Thursday, January 10, 2008

Coffee, Wine and Dems.

Mainstream Media Patrol: Coffee, Wine, and Dems.

Oh no! Not again! One of the most annoying MSM narratives from the ’04 election was the myth that read something like this: the reason Democrats, including John Kerry, lose elections has to do with their choice of coffee—Starbucks—and their choice of wine: white—Chablis or Chardonnay. In other words, Dems. are educated snobs, elitists, Volvo-driving L-I-B-E-R-A-L-S—or at least that’s what the MSM would like to emphasize in its framing of things.

In a week when McCain and Clinton resurrect from the dead, in a week when Mean Girl Dowd unearthed her disdain for a first lady who kept her man, the Mainstream Media excavated what? Election 2004 narrative flashback: Coffee, Wine, and Dems. And I thought this was an election about ch-ch-ch-changes.

As the other ’08 MSM narrative threads seem to diminish, I’ve smelled something familiar this way come from the pundit class. They’ve rolled out a twice told tale, and here’s how they are re-packaging it: Obama has the college crowd, the elites, the Starbucks drinkers, the snobs; and conversely—yeah, whatever, Hillary has the uneducated, the poor, working class, the Maxwell House drinkers—I suppose, the common folks. Even dark angel Karl Rove described Hillary’s win in New Hampshire in terms of how she captured “beer drinkers.”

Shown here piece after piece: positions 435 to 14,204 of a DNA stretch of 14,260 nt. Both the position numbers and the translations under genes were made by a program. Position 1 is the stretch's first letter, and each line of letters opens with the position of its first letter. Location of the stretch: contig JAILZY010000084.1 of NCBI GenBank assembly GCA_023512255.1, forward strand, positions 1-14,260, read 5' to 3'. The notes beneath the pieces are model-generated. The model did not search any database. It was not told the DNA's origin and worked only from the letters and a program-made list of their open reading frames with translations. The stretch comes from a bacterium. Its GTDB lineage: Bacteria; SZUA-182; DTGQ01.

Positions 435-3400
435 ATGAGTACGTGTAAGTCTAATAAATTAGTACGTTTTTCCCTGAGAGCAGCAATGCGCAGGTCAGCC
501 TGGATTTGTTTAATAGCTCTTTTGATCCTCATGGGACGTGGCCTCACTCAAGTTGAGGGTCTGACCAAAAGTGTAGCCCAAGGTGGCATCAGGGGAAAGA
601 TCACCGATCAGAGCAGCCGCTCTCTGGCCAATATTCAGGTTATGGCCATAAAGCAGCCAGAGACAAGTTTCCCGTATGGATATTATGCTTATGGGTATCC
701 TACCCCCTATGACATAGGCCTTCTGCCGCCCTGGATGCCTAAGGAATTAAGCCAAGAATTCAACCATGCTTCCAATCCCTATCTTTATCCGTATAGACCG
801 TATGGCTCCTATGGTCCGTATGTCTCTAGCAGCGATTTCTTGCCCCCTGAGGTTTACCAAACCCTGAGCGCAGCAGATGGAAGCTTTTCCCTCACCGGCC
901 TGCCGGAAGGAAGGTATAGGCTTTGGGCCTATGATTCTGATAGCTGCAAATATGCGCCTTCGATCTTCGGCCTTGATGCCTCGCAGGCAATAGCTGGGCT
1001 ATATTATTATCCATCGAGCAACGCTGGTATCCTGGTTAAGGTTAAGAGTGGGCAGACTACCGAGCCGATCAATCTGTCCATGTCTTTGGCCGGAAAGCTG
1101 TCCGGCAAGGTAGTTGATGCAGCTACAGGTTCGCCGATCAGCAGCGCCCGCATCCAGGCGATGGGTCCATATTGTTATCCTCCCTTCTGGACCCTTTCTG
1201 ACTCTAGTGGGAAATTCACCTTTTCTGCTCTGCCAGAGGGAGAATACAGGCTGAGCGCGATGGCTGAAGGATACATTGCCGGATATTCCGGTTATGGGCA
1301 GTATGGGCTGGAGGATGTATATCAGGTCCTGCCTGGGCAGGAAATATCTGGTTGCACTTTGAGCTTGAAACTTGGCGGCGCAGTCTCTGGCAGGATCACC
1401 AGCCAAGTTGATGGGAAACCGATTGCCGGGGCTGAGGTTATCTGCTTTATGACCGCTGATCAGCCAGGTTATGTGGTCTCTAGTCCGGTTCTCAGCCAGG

Sure, data from exit polling reveals how candidates perform in certain demographics. Campaigns use this information to strategize accordingly. Nonetheless, it’s fascinating how the MSM frames and labels Democratic blocks of voters in such drastic, polarizing terms: “Starbucks drinkers,” “White wine snobs,” “cafeteria Catholics,” “Volvo drivers,” “elitists,” etc. Whereas the MSM framing of Republican voters—“evangelicals,” “values voters,” “suburban, strip mall folks,” “church-going”—seems far less drastic.

We all know people who drink Starbucks and who prefer white wine—hopefully, not Chablis. Some people who fall into these categories may be Democrats; some may not. At a time when the themes of change and unity dominate the political stories in the mainstream media, it’s unfortunate to see an old, manufactured myth re-awaken from the dead.

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